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But Alaa Owaineh, an associate analyst at the firm, said that different sectors will grow at significantly different rates. "There is a big rise in the importance of data protection, data-loss prevention and encryption," he said. "Another area that is growing quickly, although its debatable if one should include it with IT security or management, is the area of IT auditing and risk management."
Other sectors, such as virtual private networks (VPNs) and firewalls, are growing much more slowly, Owaineh added - although with certain faster growth areas, such as the use of Secure Sockets Layer (SSL) technology for VPNs.
In a report, Decision Matrix: Selecting an Enterprise Security Vendor, Owaineh writes that consolidation is likely among suppliers. "End-users are fed up with buying 30 solutions from 30 vendors. They want three or four that will integrate easily," he said, adding that company acquisitions will speed this process.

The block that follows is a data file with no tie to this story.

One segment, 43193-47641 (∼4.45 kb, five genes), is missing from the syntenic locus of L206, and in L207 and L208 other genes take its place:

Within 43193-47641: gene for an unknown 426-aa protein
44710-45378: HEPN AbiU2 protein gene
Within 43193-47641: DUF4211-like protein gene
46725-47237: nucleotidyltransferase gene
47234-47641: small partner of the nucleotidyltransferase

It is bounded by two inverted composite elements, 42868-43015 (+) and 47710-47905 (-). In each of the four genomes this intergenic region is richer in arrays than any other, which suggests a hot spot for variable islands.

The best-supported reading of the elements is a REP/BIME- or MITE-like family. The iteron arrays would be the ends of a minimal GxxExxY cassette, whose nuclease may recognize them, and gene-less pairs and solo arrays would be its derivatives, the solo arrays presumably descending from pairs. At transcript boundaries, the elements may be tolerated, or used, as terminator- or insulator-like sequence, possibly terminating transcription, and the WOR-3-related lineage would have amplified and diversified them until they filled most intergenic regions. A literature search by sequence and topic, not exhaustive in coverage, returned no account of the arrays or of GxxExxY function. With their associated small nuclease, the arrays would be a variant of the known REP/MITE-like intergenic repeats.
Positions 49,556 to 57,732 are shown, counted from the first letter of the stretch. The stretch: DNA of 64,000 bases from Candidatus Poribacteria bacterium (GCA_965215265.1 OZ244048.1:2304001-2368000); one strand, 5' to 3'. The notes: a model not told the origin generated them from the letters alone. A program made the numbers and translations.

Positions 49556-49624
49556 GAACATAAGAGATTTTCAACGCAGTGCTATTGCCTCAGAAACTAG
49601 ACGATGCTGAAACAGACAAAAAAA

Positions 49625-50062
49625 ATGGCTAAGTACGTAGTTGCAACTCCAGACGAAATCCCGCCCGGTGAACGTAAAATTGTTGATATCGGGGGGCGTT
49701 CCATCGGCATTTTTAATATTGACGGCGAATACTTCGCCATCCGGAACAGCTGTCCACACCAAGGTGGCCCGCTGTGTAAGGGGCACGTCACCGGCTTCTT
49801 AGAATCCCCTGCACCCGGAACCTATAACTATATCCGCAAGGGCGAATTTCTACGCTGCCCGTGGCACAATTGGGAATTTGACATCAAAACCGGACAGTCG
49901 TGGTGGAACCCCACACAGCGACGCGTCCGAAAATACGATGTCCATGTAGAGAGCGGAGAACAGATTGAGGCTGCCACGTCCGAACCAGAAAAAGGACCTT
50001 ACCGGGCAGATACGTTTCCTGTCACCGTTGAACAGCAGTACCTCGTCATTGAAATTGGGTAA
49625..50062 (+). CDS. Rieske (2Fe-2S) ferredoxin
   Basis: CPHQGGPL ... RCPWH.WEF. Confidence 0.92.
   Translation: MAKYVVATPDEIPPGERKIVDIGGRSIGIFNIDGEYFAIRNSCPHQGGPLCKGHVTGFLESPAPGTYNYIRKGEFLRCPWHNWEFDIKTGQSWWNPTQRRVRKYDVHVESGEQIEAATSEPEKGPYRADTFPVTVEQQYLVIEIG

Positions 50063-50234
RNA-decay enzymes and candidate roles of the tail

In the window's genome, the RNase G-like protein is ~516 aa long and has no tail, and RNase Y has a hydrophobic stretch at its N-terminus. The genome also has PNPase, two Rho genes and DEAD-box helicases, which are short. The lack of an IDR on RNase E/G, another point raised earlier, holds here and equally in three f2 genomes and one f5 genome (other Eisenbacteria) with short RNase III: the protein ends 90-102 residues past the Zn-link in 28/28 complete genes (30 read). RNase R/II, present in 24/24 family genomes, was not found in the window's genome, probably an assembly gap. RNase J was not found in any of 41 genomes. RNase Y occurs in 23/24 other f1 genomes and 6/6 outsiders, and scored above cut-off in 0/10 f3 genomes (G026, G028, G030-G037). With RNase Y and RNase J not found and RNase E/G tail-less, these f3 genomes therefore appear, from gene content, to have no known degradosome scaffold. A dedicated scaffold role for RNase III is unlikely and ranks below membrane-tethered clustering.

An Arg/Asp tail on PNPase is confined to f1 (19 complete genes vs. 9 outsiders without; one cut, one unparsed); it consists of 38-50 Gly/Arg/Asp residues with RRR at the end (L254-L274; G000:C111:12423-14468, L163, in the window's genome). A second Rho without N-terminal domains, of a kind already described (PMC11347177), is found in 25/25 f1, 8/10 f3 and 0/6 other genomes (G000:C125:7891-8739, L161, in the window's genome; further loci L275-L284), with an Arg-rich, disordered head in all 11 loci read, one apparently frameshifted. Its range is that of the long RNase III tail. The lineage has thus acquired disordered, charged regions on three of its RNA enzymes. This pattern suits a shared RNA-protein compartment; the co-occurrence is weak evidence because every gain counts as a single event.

Such purchases have been common in recent weeks, with Google buying Postini, PatchLink buying SecureWave and, on 18 July, Oracle buying its Silicon Valley neighbour identity theft and fraud detection supplier Bharosa for an undisclosed amount..
Owaineh said Symantec, McAfee and IBM are well-placed to become primary suppliers of IT security, providing a framework to organisations and claiming much of their spending, although this will leave space for specialist providers such as Check Point and RSA. Symantec does not provide identity management, preferring to focus on infrastructure, while McAfee has more depth than breadth than Symantec, he said.
He added that IBM is adding security functions to its existing infrastructure products. "IBM sees the future of many aspects of enterprise security as part of infrastructure security, things like placing data protection in the infrastructure," said Owaineh.
This story first appeared on the Infosecurity Magazine website.
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